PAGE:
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Grants programme and essay competition


Congratulations to the winners of our 2012 and 2013 essay competitions!

2013 competition

Title: How is contemporary biology used for ideological purposes?

Carmody Grey    First place: Carmody Grey

Carmody Grey holds a first class honours degree in Theology at Trinity College, Oxford, an MPhil in Theology and Religious Studies from King's College, Cambridge, an MA in Systematic and Philosophical Theology from the University of Nottingham, and a PGCert in biodiversity and ecosystems from the University of Edinburgh. After a period as Head of Philosophy, Religion and Ethics at Bedales School in Hampshire, she is now a doctoral student at the University of Bristol, looking particularly at debates concerning reductionism and vitalism in philosophy of biology. Carmody is involved in local and global conservation initiatives and is particularly interest in organic and sustainable agriculture.
Read Carmody's essay here.

Second place: David Pena-Guzman

David is a graduate student studying philosophy at Emory University, Texas
Read David's essay here.

Ryan Shinkel    Third place: Ryan Shinkel

 Ryan is currently an undergraduate student at the Residential College of the University of Michigan. In the LSA Honors Program, he studies Philosophy and Creative Writing and Literature. He aspires to be a professional philosopher and writer. He enjoys poetry, theology, political debate, classical music, English literature and midnight film showings
Read Ryan's essay here.

2012 competition

Title: Explore the ways in which contemporary genetics both challenges and underpins notions of human freedom, value and identity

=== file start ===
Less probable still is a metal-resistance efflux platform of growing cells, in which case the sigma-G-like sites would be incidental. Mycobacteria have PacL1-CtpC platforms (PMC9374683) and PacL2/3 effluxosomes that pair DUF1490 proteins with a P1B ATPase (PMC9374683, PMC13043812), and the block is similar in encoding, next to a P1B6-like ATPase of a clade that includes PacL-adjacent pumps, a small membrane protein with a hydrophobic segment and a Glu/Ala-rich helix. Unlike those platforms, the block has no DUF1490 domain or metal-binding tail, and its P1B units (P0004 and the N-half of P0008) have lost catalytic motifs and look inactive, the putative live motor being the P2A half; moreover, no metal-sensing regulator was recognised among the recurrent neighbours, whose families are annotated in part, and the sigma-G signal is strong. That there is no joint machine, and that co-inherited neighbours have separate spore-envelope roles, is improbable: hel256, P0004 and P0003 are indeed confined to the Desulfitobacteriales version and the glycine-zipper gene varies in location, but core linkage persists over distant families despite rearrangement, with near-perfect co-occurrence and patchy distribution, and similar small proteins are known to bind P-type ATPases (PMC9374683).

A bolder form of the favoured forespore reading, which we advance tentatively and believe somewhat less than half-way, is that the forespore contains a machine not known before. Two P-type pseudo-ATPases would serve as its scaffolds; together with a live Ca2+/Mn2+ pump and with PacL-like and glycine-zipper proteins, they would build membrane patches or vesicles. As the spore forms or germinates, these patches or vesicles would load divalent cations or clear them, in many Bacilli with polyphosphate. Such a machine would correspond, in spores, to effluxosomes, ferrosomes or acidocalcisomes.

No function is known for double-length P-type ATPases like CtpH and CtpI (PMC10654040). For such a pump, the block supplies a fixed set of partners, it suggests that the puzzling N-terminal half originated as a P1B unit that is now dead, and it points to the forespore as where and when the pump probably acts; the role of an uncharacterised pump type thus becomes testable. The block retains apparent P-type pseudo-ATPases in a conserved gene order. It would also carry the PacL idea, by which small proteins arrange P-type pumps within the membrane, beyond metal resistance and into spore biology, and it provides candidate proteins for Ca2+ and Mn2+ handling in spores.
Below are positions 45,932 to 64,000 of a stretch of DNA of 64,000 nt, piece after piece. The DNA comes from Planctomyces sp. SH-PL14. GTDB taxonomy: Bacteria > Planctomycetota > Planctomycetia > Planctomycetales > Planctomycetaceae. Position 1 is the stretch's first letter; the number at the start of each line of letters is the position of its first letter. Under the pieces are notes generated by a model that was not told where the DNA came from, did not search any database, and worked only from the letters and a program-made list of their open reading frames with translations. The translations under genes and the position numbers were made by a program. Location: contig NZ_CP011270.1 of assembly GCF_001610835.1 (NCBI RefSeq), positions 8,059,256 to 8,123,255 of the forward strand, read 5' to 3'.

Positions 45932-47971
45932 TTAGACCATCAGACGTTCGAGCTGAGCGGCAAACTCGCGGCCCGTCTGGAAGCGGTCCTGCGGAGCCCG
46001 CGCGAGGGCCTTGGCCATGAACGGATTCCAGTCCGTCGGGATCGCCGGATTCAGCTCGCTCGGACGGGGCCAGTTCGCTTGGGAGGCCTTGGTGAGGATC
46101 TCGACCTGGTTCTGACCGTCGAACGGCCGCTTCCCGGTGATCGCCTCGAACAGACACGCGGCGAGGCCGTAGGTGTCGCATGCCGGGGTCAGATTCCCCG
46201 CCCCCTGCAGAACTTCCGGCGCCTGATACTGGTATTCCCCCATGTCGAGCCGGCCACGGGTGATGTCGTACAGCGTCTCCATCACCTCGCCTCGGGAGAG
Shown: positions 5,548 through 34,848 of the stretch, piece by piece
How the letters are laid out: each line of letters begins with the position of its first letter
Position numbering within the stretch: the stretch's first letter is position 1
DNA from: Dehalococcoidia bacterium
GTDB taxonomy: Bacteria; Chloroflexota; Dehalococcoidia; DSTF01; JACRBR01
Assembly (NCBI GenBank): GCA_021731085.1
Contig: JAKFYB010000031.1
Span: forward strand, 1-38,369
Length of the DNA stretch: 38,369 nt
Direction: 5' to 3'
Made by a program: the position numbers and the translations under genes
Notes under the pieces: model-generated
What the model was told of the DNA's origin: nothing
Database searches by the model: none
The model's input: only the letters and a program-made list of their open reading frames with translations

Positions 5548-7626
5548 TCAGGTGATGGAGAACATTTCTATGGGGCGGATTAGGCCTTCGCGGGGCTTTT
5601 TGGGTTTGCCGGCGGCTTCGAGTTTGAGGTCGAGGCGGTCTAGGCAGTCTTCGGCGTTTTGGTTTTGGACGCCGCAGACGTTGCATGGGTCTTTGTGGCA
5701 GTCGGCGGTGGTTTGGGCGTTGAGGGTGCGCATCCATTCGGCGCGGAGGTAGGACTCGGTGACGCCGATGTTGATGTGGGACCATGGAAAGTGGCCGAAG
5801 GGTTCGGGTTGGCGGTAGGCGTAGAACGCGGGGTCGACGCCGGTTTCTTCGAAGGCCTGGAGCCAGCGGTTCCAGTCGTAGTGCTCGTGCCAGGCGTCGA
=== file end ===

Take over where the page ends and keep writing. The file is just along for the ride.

First place: Amber Gabb

Amber is currently in her final year at the University of Bristol studying BSc Biology. On graduating she hopes to begin a career in the environmental sector, and will also be studying part-time for MSc Science Communication. In her spare time she enjoys long-distance running, exploring the UK countryside and volunteering for the At-Bristol science museum.
Read Amber's essay here.

    Second place: Alex Cagan

Alex did his undergraduate degree in biological anthropology at the Leverhulme Centre for Human Evolutionary Studies at the University of Cambridge. He is interested in the relationship between biology and cultures during the course of human evolution. He is currently pursuing a PhD at the Max Planck Institute for Evolutionary Anthropology, with the goal of exploring the genetic changes that cause 'tameness' in domesticated animals.
Read Alex's essay here.


    Third place: Kate Howard






Kate is an undergraduate studying Psychology and Zoology at the University of Bristol. As well as essays, she writes occasional short stories, and also enjoy cycling, visits to the zoo and pub quizzes.
Read Kate's essay here.